Monday, January 23, 2017

Cars Cars and More Cars

Barrett-Jackson is one of the largest automotive auction events in North America. The past week and half the auction was taking place in Scottsdale, Arizona. It is one of the best places to find the classic cars of the past along side the new innovative cars of the future on display for all to see. This event is also the best place to see popular culture develop in the automotive industry. Automotive vehicles have long been a item for collectors. Sitting at the auction, I found myself wondering why on earth did someone just pay $155,000 for a 1955 Bel Air when they could have bought the brand new 2017 Corvette Grand Pro for thousands of dollars cheaper. Than an awesome 2016 Ford Mustang gets up on the auction block and if I had the money I would have been willing to pay into the $90,000 for it, yet it sold for $60,000. By than I started to realize the audience I was in and who is winning the bids. It was a much older generation from myself that was walking away with the vehicles on the bidding block.





For me this is an example of popular discrimination in the automotive industry. John Fisk mentioned that over time there is a shift that occurs for economically valuable items compared to similar items of the past (2005). The generation of bidders who were placing the highest bids were part of generation that valued older automobiles, classics, customs, and originals. This generation was also on the other half of their careers which means that essentially they should be more financially sound than myself. When a group has the financial backing to demand the market at an auction than they are able to set the prices for the automobiles. I still cannot understand how these bidders could justify the amounts of money they were spending for the older classic automobiles when they could easily bought an automobile that had the present top of the line performance parts.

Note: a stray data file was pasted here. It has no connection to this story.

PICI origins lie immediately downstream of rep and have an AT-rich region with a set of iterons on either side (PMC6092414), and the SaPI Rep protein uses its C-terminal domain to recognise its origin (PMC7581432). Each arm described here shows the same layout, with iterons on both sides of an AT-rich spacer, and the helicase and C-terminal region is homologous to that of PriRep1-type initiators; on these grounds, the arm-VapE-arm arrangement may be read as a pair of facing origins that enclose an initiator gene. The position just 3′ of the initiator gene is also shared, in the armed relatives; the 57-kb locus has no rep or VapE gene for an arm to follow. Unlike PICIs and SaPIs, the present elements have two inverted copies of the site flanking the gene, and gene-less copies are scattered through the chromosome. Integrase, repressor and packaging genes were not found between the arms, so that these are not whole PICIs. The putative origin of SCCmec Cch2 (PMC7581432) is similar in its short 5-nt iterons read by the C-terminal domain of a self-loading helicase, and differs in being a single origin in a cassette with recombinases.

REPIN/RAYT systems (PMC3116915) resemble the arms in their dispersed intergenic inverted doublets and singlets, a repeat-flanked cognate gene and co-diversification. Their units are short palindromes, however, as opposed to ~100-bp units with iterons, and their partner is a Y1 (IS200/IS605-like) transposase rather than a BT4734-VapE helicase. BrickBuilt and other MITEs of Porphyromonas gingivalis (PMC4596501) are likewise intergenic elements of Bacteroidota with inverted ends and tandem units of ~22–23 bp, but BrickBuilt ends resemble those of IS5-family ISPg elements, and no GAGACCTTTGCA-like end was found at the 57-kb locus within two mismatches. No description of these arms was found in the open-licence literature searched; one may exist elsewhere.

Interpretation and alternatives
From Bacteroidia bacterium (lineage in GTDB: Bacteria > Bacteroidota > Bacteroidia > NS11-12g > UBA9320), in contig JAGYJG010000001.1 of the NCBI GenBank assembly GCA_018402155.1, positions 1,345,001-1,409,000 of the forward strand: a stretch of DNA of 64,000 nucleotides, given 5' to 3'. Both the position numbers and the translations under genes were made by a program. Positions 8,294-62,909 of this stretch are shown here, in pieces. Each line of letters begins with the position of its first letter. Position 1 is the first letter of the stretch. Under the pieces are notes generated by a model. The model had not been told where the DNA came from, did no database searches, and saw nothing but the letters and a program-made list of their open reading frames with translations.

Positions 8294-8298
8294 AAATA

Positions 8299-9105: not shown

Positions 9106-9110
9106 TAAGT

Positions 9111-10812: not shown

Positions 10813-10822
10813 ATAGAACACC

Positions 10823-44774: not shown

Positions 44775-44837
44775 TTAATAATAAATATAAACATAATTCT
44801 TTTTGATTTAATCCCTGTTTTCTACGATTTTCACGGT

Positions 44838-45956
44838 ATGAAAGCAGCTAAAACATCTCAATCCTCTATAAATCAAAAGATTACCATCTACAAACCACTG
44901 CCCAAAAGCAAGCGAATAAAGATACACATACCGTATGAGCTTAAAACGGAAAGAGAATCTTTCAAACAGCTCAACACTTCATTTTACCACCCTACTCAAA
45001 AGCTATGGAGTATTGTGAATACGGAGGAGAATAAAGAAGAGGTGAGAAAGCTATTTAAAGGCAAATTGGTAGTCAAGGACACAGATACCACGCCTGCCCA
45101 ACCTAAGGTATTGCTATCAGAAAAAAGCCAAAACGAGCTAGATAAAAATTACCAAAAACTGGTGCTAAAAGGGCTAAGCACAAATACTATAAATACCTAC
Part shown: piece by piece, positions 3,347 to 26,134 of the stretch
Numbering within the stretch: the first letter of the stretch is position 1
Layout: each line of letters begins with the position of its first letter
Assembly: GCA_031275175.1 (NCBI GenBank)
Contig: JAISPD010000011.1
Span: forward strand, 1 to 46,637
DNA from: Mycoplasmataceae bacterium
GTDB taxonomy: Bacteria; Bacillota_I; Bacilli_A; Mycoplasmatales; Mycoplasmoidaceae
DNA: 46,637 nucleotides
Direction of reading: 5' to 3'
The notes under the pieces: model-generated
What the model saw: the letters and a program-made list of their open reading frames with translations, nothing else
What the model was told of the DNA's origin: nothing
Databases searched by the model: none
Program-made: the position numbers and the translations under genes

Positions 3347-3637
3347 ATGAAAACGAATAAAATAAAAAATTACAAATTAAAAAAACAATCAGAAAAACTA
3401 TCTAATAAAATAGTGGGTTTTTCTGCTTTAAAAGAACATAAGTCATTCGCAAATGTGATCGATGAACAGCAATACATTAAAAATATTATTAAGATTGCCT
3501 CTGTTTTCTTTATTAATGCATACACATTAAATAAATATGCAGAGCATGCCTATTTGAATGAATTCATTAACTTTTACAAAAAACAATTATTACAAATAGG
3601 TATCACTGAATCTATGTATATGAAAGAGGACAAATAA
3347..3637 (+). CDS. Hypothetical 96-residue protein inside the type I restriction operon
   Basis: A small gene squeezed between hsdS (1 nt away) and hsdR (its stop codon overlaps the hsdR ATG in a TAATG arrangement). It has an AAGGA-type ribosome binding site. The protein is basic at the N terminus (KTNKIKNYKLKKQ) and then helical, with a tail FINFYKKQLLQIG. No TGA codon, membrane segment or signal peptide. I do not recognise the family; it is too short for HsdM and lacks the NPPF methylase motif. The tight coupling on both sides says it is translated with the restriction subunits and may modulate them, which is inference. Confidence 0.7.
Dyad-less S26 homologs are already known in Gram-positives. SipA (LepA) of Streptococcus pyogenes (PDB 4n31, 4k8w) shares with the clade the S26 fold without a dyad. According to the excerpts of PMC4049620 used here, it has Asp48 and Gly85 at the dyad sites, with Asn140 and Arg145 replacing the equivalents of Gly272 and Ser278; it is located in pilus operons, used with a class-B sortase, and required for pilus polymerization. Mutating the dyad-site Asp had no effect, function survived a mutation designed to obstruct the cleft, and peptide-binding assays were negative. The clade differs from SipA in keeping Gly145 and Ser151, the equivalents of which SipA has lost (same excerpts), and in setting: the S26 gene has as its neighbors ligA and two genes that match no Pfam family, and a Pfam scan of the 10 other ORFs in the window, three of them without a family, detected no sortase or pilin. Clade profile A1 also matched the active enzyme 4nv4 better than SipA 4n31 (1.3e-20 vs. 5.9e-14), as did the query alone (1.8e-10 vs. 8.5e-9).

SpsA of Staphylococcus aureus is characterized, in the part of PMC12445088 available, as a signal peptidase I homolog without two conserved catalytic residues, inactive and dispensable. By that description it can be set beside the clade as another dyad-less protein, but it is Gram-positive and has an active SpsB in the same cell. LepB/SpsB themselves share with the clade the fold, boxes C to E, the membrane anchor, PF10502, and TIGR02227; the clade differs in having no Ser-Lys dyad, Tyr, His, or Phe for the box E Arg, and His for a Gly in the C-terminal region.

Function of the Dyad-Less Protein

Barrett-Jackson was also backed by a lot of star power over the week and a half. Justin Bieber, Burt Reynolds, Floyd Mayweather, and Dale Ernhardt Jr. were just a couple of the celebrities on display at the auction. Looking deeper into the reasoning for their appearances at the auction, they all had financial motives to be there. They were all promoting cars that they they were finically involved with in some way. Stuart Hall's second definition for "popular" are things people have done or do (2005). Mayweather is arguably the best boxer to ever live. Ernhardt Jr. is a decorated Nascar driver. Reynolds is an accomplished actor in Hollywood. Bieber is a successful music artist. Essentially, their accomplishments have made them popular by society standards and so it is to no surprise that their cars fetched some of the highest bids ever at the auction. Below is a link to an article detailing their car's selling price at the auction. People seemed to have a history of paying a high price for celebrity cars because history in car auctions has shown that the popularity of the celebrity carries over into increasing the value of the car in the future.

https://www.barrett-jackson.com/Media/Home/Reader/super-saturday-barrett-jackson-scottsdale-highlights-mayweather-bieber-dale-jr-burt-reynolds/

1) What would it take to shift the popularity of an older product to a newer product?

2) What other areas besides the automotive industry is the popularity of an item determined by a specific age generation?

3) If you were to try and control "the masses" how would you go about doing it in order to sway public opinion?

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